Again the full back assaults our center, but this time, with a thud of human bone and muscle, plainly audible where we sit, he is stopped as solidly as if it had been a brick wall instead of a human rampart which he was battering with his head and shoulders. Again the human missile is launched at our center and again the gallant fellow stops the play, although the runner manages to wiggle a scant yard while he is falling.
Once more rings out the signal. The foe's formation suddenly changes. The backs form a wedge with the full back, ten yards back of the center, at the open end. It is the formation for a punt, the kick productive of the greatest possible distance and the inevitable result when a team fails to gain by carrying the ball. Another futile attempt at the ends or the line would have handed over possession of the ball to our team with but 30 yards to travel to a touchdown, and this would have been poor generalship.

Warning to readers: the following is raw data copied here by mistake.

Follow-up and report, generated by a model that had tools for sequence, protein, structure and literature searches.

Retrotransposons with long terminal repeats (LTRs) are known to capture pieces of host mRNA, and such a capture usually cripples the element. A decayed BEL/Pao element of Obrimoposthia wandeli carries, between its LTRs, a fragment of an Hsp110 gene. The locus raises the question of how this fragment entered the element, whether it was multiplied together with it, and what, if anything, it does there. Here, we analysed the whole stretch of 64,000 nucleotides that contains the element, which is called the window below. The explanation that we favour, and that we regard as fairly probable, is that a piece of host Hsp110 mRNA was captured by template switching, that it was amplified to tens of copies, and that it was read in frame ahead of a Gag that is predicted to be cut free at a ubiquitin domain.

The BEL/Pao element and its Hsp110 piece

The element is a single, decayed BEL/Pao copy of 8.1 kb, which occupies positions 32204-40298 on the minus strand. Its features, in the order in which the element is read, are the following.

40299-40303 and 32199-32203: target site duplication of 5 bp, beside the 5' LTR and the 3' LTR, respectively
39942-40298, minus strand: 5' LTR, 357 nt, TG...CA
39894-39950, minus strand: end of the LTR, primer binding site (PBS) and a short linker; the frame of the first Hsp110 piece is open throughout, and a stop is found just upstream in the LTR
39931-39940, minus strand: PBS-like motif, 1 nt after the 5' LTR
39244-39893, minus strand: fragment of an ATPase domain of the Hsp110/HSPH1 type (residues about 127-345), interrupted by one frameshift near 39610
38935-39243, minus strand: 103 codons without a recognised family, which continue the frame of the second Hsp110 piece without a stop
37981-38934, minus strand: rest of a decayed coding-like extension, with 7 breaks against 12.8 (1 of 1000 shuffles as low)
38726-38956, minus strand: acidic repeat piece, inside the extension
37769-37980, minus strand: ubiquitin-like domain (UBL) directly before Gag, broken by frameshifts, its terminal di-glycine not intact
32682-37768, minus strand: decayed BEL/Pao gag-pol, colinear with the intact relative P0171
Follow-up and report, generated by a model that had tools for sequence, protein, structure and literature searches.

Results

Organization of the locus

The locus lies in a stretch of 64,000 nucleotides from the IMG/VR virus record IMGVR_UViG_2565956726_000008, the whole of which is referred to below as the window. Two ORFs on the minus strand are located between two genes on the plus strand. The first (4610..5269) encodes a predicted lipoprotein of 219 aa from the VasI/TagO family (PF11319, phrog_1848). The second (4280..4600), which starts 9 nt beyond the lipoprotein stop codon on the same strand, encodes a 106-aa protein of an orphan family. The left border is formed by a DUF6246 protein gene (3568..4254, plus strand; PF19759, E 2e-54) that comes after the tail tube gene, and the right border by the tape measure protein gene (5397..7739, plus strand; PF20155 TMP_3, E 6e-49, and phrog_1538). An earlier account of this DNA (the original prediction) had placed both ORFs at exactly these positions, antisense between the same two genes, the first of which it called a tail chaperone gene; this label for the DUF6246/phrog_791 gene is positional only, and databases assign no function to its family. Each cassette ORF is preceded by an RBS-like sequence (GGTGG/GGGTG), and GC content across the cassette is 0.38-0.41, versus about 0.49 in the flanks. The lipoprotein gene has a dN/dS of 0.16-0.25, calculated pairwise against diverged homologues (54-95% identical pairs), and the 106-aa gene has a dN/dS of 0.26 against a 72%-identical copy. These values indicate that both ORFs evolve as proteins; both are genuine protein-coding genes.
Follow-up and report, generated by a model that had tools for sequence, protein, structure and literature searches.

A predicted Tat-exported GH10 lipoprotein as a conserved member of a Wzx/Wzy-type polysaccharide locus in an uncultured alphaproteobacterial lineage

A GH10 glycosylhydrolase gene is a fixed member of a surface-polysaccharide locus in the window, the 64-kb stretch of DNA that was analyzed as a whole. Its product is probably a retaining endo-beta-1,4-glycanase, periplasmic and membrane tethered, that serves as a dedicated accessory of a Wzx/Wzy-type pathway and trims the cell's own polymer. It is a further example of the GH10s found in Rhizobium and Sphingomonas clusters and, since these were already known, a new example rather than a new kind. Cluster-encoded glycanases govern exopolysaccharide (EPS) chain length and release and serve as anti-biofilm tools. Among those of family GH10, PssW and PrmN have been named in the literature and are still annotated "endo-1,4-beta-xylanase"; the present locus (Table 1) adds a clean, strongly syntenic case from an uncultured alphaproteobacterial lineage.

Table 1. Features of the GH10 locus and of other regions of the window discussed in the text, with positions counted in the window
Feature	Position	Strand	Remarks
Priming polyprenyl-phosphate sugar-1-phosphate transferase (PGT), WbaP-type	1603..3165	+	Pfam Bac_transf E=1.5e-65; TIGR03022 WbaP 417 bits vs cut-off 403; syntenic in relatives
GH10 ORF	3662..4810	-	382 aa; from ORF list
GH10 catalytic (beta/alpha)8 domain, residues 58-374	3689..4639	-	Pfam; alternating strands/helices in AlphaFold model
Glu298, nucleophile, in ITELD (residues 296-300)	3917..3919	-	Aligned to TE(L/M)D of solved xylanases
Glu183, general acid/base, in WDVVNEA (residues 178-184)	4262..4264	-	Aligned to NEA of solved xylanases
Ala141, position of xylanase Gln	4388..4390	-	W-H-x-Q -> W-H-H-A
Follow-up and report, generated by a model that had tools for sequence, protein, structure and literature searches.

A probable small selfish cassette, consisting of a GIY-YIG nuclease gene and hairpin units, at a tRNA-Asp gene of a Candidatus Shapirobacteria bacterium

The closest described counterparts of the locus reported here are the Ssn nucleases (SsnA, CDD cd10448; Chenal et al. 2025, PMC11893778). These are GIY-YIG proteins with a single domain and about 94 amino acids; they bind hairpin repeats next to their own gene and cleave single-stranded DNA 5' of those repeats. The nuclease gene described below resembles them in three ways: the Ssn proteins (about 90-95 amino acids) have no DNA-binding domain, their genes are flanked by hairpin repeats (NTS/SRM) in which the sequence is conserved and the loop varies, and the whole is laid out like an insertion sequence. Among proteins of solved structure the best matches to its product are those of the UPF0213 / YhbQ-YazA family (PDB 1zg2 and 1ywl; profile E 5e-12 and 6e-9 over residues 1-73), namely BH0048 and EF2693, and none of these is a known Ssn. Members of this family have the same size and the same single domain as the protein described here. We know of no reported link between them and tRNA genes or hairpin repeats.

Back from the center comes the ball as the kicker holds out his hands and on that instant our men charge. The ball, dropped from his hands and meeting the kicker's foot just before it reaches the ground, is booted high in air and down the field. Under it scurries our own full back, 50 yards behind his own line, while his comrades in front of him are doing their best to keep the opponents from getting through in time to make a tackle far down the field. The catch is beautifully executed and the runner starts sprinting back. One of the enemy's ends does succeed in getting through, however, and rushes to meet him. The full back dodges, eludes him and comes tearing up the field while, all about us, men are urging him on. Friend and foe now mingle alike before him, one helping him, another endeavoring to bring him down. Full 30 yards he comes and then, dodging one tackier, rushes right into the arms of another. It is our ball and our turn to carry the oval.